The Yale Law Journal




Election Reform

As the first bill introduced in the current Congress, H.R. 1 seeks to revamp our democracy through sweeping electoral reforms. This Collection critiques small-donor-based public financing, argues for legislation mandating Election Day registration, and defends H.R. 1’s constitutionality based on Congress’s broad authority to regulate federal elections.

18 Nov 2019

Small-Donor-Based Campaign-Finance Reform and Political Polarization

Richard H. Pildes

Small-donor campaign-finance reform is supported by participatory, egalitarian, and anti-corruption values. But while reform advocates focus on these values, they ignore the evidence that such reforms might further fuel the ideological extremes in American politics. Small-donor campaign-finance reform requires confronting possible tradeoffs between internet-based political participation and ideological extremism.

18 Nov 2019

The Elections Clause and the Underenforcement of Federal Law

Franita Tolson

Drawing on nineteenth-century federal voting-rights legislation, this Essay argues that challenges to federal authority over elections persist for two reasons. First, the Supreme Court has not fully delineated federal power under the Elections Clause. Second, Congress has never exercised its Elections Clause power to its full conceptual limits.

18 Nov 2019

Election Day Registration and the Limits of Litigation

Dale E. Ho

This Essay examines Election Day registration (EDR)—the single reform that would do the most to improve U.S. voter turnout. While legislative reform efforts over the last decade have doubled the number of EDR states, litigation challenging registration deadlines has not yet succeeded, making federal legislation much needed.

07 Nov 2019

Abolish ICE . . . and Then What?

Peter L. Markowitz

This Essay proposes a blueprint for a new humane and effective immigration-enforcement system that could follow the dissolution of ICE. It explores the irredeemable defects of ICE and its enforcement paradigm and suggests realistic mechanisms to increase compliance with immigration laws without detention or mass deportation.

06 Nov 2019

An Intersectional Critique of Tiers of Scrutiny: Beyond “Either/Or” Approaches to Equal Protection

Devon W. Carbado & Kimberlé W. Crenshaw

Examining a long-overlooked passage on gender in Justice Powell’s Bakke concurrence, the Essay applies the theory of intersectionality to show that Justice Powell’s reasoning was flawed. As his “single-axis” approach reveals, tiers-of-scrutiny analysis creates a doctrinal puzzle in equal-protection law, especially when applied to Black women.

04 Nov 2019

Nudges and Norms in Multidistrict Litigation: A Response to Engstrom

Elizabeth Chamblee Burch

Multidistrict-litigation judges have invented a medley of new procedures to adjudicate the mass-tort cases before them. As plaintiff fact sheets and Lone Pine orders become widespread, however, formal rules’ built-in protections wane and procedural burdens may fall more harshly on one side.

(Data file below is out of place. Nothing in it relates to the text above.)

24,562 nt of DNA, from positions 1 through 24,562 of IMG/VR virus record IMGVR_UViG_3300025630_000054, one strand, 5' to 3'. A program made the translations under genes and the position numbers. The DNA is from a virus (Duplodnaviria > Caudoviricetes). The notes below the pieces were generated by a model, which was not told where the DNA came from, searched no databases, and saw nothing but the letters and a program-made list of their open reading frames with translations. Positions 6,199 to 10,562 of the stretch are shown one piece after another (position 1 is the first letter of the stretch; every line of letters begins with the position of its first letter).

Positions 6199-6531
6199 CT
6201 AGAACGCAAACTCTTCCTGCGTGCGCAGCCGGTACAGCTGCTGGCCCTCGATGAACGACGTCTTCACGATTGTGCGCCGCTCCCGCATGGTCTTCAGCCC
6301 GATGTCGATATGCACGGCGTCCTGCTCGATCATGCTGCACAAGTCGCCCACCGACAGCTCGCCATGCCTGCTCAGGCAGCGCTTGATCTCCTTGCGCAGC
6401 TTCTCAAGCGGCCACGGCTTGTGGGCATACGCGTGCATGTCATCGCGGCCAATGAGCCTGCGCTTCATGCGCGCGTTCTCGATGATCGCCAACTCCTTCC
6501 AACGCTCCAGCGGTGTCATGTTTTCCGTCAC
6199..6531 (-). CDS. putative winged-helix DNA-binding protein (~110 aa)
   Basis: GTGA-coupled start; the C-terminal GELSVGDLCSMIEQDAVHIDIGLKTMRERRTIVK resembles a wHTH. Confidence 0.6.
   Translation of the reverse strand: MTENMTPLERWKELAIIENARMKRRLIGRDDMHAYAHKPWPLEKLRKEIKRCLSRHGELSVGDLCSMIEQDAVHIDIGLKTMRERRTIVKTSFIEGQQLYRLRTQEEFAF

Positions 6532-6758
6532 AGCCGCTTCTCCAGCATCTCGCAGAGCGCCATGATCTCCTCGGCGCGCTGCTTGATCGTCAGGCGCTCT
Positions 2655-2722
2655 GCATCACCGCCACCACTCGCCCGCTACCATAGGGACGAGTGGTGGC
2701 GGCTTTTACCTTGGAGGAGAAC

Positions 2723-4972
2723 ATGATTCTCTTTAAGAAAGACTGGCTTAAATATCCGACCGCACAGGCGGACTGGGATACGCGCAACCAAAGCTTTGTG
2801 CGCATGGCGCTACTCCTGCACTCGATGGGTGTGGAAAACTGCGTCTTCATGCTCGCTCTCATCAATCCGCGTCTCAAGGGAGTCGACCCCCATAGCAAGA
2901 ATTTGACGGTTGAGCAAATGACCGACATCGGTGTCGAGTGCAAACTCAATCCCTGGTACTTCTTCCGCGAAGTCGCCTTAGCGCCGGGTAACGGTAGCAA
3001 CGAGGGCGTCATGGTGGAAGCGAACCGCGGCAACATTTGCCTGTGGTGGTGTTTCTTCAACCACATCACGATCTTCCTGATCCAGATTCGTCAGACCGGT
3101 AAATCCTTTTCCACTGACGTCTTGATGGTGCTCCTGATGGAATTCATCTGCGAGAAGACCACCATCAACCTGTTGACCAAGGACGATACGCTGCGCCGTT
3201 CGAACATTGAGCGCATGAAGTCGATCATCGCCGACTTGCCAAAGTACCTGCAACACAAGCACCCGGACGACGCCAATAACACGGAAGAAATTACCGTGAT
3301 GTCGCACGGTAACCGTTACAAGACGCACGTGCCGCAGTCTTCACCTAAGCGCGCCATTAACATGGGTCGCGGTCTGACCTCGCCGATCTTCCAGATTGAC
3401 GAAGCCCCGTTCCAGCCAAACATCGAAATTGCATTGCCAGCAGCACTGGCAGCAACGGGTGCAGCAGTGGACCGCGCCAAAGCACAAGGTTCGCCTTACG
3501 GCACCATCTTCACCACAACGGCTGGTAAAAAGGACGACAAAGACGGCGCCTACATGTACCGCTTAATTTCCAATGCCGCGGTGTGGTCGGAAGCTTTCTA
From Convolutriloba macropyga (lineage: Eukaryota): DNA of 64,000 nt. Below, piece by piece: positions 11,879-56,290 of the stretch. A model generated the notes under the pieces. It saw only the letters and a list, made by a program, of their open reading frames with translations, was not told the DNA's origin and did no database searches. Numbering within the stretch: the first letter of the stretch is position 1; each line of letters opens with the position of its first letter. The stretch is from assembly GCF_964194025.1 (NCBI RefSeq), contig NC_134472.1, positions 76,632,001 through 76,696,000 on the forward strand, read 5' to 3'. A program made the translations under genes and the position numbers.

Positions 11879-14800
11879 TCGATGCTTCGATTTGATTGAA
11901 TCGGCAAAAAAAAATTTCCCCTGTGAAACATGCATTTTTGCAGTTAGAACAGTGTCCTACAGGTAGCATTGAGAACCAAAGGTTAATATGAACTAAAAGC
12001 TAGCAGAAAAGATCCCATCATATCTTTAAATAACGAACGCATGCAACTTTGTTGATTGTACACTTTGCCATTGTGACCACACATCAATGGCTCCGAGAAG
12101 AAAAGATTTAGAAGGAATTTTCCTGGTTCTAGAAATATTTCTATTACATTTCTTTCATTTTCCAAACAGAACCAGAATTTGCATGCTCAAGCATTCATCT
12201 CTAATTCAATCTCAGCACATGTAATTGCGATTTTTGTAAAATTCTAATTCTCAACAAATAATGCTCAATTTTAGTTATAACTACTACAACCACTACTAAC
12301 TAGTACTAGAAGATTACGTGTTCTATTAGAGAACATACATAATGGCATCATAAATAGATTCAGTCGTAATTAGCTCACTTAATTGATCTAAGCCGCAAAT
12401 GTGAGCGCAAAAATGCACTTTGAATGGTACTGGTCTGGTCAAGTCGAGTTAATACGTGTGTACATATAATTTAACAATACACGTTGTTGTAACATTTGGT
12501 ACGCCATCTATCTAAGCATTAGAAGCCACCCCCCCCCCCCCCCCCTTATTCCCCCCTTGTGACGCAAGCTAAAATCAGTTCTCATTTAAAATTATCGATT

04 Nov 2019

Supreme Court as Superweapon: A Response to Epps & Sitaraman

Stephen E. Sachs

Daniel Epps and Ganesh Sitaraman propose radical reforms to restore a moderate Supreme Court. Unfortunately, their proposals might destroy the Court’s legitimacy in order to save it. A Court unbound by legal principle is too powerful a weapon to leave around in a democracy; we should start thinking about disarmament.

15 Oct 2019

Prove It! Judging the Hostile-or-Warlike-Action Exclusion in Cyber-Insurance Policies

Adam B. Shniderman

Cyber-insurance policies often include a hostile-or-warlike action exclusion. The legal system is ill-equipped to handle the litigation that arises from coverage denials under this exclusion. This Essay explores the difficulties of accurately attributing attacks and adjudicating these insurance-coverage disputes. It concludes with four proposals to improve attribution and adjudication.

07 Oct 2019

Gender-Identity Protection, Trade, and the Trump Administration: A Tale of Reluctant Progressivism

Jean Galbraith & Beatrix Lu

This Essay discusses the inclusion of gender-identity protections in the Trump Administration’s “new NAFTA,” hypothesizing that these provisions were initially included without consulting important executive-branch stakeholders. Intriguingly, these protections demonstrate that trade agreements can lead even powerful governments to make value-laden commitments at odds with their own domestic agendas.

07 Aug 2019

The Predominance Test: A Judicially Manageable Compactness Standard for Redistricting

Michael McDonald

Most states require compact legislative districts, but courts have no framework to judge when contorted districts are legally suspect. This Essay proposes a “Predominance Test” that limits the most egregious gerrymanders by comparing challenged maps to maximally compact plans to test whether compactness predominates over lower-tier and discretionary criteria.

30 Jul 2019

While They Waited: Pre-Obergefell Lives and the Law of Nonmarriage

Michael J. Higdon

This Essay looks at married same-sex couples who, pre-Obergefell, spent time in nonmarital relationships while awaiting the right to wed. In discussing how courts now count those pre-equality years toward the length of couples’ relationships—a decision relevant to adjudicating many benefits—the Essay illuminates weaknesses in current nonmarriage law.